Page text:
"We commissioned this survey to get a stronger understanding of consumer sentiment surrounding the mortgage crisis/financial slowdown, in particular consumer credit behavior and identity fraud in our current economy," said Dr. Stephen Coggeshall, chief technology officer at ID Analytics.

What the study found was a new and troubling consumer mindset - if the banks can do it, so can we.

• It's okay to stretch the truth - 36 million Americans (17 percent) would exaggerate personal information to obtain credit.

• Poor credit shouldn't be a hindrance - 77 million Americans (36 percent) believe it's socially acceptable to have a poor credit score.

Sad times.

 

 

Other related articles:

Mortgage strike devised to leverage mortgage relief from lenders for underwater homeowners

BofA customer? You may have just won a second mortgage payoff!

Bank of America latest major lender to face REO-management discrimination charges

Ranks of underwater homeowners shrinking, boosting housing recovery

National Mortgage Settlement banks dole out $10.6 billion to needy homeowners

Dissecting Delinquencies: What the Decline in Delinquencies Means for the Housing Market

Infographic: Strategic defaulters rushing to beat mortgage debt relief deadline

 

 

 

 

 

 

 


Fannie Mae & Jumbo Mortgage Rates

Just One Click! = Current Rate Chart

Pennsylvania Mortgage Rates Current Mortgage Rates - Hawaii Current Mortgage Rates - Alaska West Virginia Mortgage Rates Virginia Mortgage Rates District of Columbia Mortgage Rates Maryland Mortgage Rates Delaware Mortgage Rates New Jersey Mortgage Rates Connecticut Mortgage Rates Rhode Island Mortgage Rates Massachusetts Mortgage Rates New Hampshire Mortgage Rates Vermont Mortgage Rates New Hampshire Mortgage Rates Maine Current Mortgage Rates Vermont Mortgage Rates Current Mortgage Rates - New York Current Mortgage Rates - Michigan Current Interest Rates - Wisconsin Current Mortgage Rates - MINNESOTA Ohio Mortgage Rates Current Mortgage Rates - Kentucky Current Mortgage Rates - Indiana Illinois - Current Mortgage Rates Current Mortgage Rates - Iowa Missouri Mortgage Rates Current Mortgage Rates - North Carolina South Carolina Mortgage Rates Current Mortgage Rates - Florida Current Mortgage Rates - Georgia Current Mortgage Rates - Tennessee Current Mortgage Rates - Alabama Current Mortgage Rates - Mississippi Current Mortgage Rates - Louisiana Current Mortgage Rates - Arkansas Current Mortgage Rates - Oklahoma Current Mortgage Rates - TEXAS Current Mortgage Rates - New Mexico Current Mortgage Rates - Arizona Current Mortgage Rates - Kansas Current Mortgage Rates - Nebraska Current Mortgage Rates - Colorado Current Mortgage Rates - Wyoming South Dakota Mortgage Rates Current Mortgage Rates - North Dakota Current Rates - Montana Idaho Current Rates Washington Mortgage Rates Current Mortgage Rates - Oregon Current Mortgage Rates - Utah Current Mortgage Rates - Nevada Current Mortgage Rates - California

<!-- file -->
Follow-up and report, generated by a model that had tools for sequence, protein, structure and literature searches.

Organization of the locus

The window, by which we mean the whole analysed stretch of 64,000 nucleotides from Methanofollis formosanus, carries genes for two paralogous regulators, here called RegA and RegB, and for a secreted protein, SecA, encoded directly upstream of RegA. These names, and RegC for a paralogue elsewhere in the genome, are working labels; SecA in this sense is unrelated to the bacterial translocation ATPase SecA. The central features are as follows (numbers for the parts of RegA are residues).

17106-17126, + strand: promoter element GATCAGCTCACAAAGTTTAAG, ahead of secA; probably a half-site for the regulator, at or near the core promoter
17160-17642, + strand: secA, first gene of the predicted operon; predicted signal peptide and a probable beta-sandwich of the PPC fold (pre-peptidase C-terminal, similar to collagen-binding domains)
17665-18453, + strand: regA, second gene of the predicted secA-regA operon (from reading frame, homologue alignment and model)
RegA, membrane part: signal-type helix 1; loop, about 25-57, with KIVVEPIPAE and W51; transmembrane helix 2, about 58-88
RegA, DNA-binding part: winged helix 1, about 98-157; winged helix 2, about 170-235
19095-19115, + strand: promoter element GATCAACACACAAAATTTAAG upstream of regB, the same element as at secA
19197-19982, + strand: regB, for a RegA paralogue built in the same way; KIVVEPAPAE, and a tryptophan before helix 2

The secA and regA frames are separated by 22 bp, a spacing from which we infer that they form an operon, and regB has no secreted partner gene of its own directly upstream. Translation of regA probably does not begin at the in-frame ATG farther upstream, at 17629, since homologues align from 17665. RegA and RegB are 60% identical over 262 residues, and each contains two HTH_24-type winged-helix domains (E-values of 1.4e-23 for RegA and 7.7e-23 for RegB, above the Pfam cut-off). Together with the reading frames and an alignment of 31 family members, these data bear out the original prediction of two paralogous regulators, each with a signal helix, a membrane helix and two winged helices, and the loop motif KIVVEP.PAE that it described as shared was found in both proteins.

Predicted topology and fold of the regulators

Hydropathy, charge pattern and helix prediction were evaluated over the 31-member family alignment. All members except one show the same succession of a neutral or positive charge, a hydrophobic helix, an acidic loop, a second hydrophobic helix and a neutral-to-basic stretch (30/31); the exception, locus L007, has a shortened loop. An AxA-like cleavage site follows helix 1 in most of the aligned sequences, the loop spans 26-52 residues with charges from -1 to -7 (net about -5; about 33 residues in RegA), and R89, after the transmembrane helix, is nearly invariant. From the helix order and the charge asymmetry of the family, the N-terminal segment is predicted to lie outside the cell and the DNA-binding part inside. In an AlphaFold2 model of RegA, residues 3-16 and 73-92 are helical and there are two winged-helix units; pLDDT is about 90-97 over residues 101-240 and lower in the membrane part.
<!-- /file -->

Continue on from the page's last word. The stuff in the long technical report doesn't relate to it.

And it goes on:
Start by selecting your state






iPad for Mortgage Rates

Get the Updated and Improved Mortgage Rates App from ERATE.com

ERATE App - Current Mortgage Rates and Credit Cards
FREE Mortgage Rate Widgets
Your State's Rates or National Rates
Get this Widget for any State you want